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Going Subsonic

Going Subsonic

When an object, be it an aircraft or a bullet, exceeds the speed of sound (1100fps in dry air at sea level) the rapid displacement of the air molecules causes a loud noise called a sonic boom. This is heard as a loud ‘crack’ in the case of gunfire, and it is why we wear hearing protection. If a bullet is travelling at less than 1100fps, there is still a significant sound, but this can very easily be controlled and reduced with the use of a sound moderator.
The use of moderators is common amongst stalkers, but some gun clubs now ask shooters to use them on the range, often because of complaints about noise from neighbours. The use of moderators goes hand in hand with using subsonic ammunition, and you can either buy subsonic factory ammo or you can reload your own. However, there are several factors to consider when it comes to the latter.

Reducing velocity
In theory, reducing the muzzle velocity below 1100fps is a case of simply decreasing the amount of powder, and then monitoring the muzzle velocity until it reaches the desired level, but there are several potential problems to consider.

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Too slow
When a round is fired, the powder charge rapidly accelerates the bullet through the barrel, forcing it to engage with the rifling and spin. To overcome the friction and resistance in the barrel, the chamber pressure must be high enough to push the bullet up and out, otherwise it will get stuck and block the barrel. This has the potential to be a real issue when developing a subsonic load.
If the bullet is travelling too slowly for the rifling to impart enough spin onto it, then it will not stabilise or shoot accurately. This is a particular problem with boat-tailed bullets at longer ranges because they rely on being stabilised correctly to fly straight.
Inside the moderator
When the bullet exits the muzzle of the gun and enters the moderator, it is effectively travelling through a free space and starting its journey. If the bullet has not been correctly stabilised in the rifling, then it can easily start to yaw, where the heavier back end of the bullet starts to rotate sideways away from the line of flight. If this happens, then the bullet can strike either the baffles inside the moderator or the exit, resulting in a written-off moddy. When you are working with low-velocity ammunition, you must always test it without a moderator fitted first, to ensure the bullets are stabilising, and then try it with the moderator on.

Developing loads
There are a lot of tested and proven subsonic loads available from reputable powder manufacturers and these are the best place to start. They will include information like the length of the barrel and the twist rate of the rifling, which are vital factors to consider when adapting a load to your own gun. If you decide to experiment with one of these loads, then you should be careful to reproduce the load and match the barrel configuration as closely as possible or make allowances for any differences. Just because a bullet stabilises and shoots accurately from a test barrel, does not mean it will do the same in your gun.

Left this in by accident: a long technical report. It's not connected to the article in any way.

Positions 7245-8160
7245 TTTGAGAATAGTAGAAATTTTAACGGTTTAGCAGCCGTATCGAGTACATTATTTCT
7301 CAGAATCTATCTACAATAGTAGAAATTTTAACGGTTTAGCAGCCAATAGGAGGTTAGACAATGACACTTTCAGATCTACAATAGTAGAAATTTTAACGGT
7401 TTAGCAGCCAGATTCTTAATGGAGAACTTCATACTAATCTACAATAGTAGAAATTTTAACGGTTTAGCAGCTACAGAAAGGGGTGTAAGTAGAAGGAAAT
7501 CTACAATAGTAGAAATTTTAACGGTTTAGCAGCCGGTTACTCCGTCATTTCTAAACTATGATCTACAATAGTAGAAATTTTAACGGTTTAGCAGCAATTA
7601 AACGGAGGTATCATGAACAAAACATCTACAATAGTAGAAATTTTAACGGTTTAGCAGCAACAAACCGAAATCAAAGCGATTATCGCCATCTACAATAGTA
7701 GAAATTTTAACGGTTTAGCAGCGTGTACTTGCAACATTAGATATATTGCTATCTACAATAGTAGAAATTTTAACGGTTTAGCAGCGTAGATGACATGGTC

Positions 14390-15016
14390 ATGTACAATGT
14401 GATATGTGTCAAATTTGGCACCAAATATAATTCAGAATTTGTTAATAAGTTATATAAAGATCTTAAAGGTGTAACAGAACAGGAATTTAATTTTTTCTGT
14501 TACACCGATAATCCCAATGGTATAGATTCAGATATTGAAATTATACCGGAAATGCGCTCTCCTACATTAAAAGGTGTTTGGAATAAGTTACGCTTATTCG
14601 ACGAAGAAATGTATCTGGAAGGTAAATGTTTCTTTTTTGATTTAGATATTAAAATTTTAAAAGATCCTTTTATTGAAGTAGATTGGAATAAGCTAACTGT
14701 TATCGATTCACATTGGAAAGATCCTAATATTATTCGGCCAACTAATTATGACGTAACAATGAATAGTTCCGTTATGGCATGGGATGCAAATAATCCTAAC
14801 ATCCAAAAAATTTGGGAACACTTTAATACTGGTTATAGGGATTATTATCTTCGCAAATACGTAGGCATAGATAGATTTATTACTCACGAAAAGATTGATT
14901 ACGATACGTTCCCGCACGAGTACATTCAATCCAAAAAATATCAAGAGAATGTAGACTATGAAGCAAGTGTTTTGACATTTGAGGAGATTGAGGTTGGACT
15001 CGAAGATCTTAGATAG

If you take a standard velocity load from published reloading data and drastically drop the powder charge in search of a subsonic recipe, then this is unlikely to work. Load density is a critical factor in making consistent ammunition and, as a general rule, as the load density drops, the velocity variation increases. At relatively short distances, which is what subsonic ammunition is really intended for, these variations are less significant, but at ranges over 100m, you will certainly see a loss of accuracy. To minimise this potential problem, it is important to use relatively bulky powders so that a reduced charge still occupies at least 60% of the case.
Accurate subsonic reloads depend on a high level of attention to detail and consistency. For example, in high-velocity rounds reaching 2900fps, a velocity variation of 50fps is not very significant, but that same level of variation on loads doing 1000fps will significantly affect bullet drop and grouping.
If you are developing a subsonic load, you should only change the charge weight in very small increments, around 0.3 to 0.5-grains, so that you do not drop the velocity too much in one go.

Bullet choice
If you intend to use a subsonic load on game, then it is very important to remember that most expanding bullets will only function correctly at higher velocities, and their ability to expand and transfer energy to the target will be greatly reduced at subsonic speeds. If such a bullet hits an animal at under 1100fps, it is most likely to under-penetrate, fail to expand, and cause a non-fatal injury, which would be a disaster. Slower bullets need to be heavy enough to dispatch the target effectively, without the need to expand.
Long-for-weight bullets tend to have a far greater bearing surface engaging with the bore, creating far more frictional drag. A subsonic powder charge might get the first couple of rounds off safely, but as the bore gets dirty, you may find that the next bullet is unable to overcome the increasing friction against the bore’s surface and therefore gets stuck.
Shorter, more basic, heavy-for-length and ‘stubby’ bullets will help to overcome the above issues, as will purpose-built bullets like Hornady’s SUB-X, which are made specifically to expand at subsonic velocities.

The important thing to remember when reloading subsonic ammunition is that it is not just a case of getting the muzzle velocity below that critical speed of 1100fps. The bullets must have enough energy to consistently overcome the frictional resistance in the bore and stabilise in the rifling. On target, the bullet must have sufficient retained velocity and energy to achieve the desired effect and, in the case of live game, function as a one-shot stopper.